The captain and some crew members of the sunken South Korean passenger ferry
Sewol have been accused of 'murderous acts' by their own president, after they ran from the stricken boat leaving more than 300 people to their fate.
South Korean President Park Geun-hye expressed horror that captain Lee Joon-seok had told passengers to stay on board while he and members of his crew escaped. She said: “Legally and ethically...this is an unimaginable act.”
And, as divers continued to recover bodies from the ferry today, Ms Park said that those to blame would have to take "criminal and civil" responsibility for their actions.
The Korean ferry disaster death toll now stands at 64, with 238 people still missing, most of them students from a school near Seoul.
The captain is believed to have initially told passengers to stay in their rooms on board the sinking ship.
He waited more than 30 minutes to issue an evacuation order but by then the ship had tilted so much that many of the hundreds of people now missing were trapped.
The Presidential office in Seoul said Ms Park, whose government has faced criticism over its initial response to the disaster, told aides that the actions of the captain and some of the crew “were utterly incomprehensible, unacceptable and tantamount to murder.”
Ms Park said: “The captain did not comply with passenger evacuation orders from the vessel traffic service... and escaped ahead of others while telling passengers to keep their seats. This is something that is never imaginable legally or ethically.”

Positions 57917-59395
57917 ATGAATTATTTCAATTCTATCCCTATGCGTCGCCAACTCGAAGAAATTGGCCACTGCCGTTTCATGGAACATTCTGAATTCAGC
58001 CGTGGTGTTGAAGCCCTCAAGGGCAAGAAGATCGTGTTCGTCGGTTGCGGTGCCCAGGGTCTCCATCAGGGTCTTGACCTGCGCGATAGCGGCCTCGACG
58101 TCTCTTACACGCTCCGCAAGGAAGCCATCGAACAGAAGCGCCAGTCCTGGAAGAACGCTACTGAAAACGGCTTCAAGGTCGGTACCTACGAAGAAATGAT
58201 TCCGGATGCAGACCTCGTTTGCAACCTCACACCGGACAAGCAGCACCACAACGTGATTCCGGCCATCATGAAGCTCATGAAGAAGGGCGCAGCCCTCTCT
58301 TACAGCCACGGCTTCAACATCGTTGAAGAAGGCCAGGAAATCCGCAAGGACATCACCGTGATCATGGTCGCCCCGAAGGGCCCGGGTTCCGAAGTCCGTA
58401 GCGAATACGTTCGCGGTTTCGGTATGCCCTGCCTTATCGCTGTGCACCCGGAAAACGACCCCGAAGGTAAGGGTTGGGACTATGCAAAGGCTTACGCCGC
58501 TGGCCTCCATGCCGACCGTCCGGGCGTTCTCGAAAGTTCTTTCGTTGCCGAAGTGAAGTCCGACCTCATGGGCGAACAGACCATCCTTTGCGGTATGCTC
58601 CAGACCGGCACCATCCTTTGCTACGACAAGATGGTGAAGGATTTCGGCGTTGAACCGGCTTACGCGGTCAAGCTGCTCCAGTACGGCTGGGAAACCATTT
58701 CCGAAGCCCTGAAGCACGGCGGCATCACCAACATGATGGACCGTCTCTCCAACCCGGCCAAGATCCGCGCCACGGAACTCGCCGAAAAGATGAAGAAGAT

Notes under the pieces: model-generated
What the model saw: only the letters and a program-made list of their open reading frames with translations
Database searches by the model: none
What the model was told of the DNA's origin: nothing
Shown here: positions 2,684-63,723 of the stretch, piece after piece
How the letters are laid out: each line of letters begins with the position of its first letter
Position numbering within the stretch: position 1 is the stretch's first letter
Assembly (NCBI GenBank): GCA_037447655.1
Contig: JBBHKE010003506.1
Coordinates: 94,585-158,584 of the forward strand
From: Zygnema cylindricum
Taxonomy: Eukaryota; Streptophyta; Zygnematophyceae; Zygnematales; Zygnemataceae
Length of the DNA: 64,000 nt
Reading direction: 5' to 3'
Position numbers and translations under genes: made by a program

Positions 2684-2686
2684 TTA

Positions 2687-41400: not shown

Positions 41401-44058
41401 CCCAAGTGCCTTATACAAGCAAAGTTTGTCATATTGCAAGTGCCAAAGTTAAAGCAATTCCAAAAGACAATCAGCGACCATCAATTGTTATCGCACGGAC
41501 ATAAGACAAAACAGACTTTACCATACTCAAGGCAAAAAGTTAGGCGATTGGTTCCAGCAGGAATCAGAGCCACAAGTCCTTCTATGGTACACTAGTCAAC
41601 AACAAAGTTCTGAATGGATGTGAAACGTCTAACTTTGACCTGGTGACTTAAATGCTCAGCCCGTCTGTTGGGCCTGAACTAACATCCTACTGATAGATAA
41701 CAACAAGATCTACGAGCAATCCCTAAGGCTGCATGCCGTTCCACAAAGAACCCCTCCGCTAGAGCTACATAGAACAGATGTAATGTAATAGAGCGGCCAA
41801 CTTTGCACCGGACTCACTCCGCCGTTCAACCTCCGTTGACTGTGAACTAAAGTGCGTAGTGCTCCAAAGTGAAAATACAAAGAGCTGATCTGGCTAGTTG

She pledged that those who had broken the law or 'abandoned their responsibilities' would be held to account regardless of rank.
The captain and two crew members have been arrested on suspicion of negligence and abandoning people in need. Prosecutors said Monday that another four crew members have been also detained.
Video (pic below) showed that captain Lee Joon-seok, 68, was among the first people rescued from the stricken vessel.
Some of his crew said he had been hurt, but a doctor who treated him said he had no fracture and only light injuries.
Jang Ki-joon, director of the orthopedic department of Jindo Hankook University, who treated the ship's captain while unaware of his rank said: “[Lee] spoke of pain in the left rib and in the back, but that was it.”
More than 220 of the missing and dead are students from a single high school near Seoul who were on their way to the southern tourist island of Jeju.
It emerged over the weekend that the captain appeared in a promotional video for the shipping line about four years ago in which he described ferry travel as the safest travel in the world so long as the passengers followed the crew's instructions.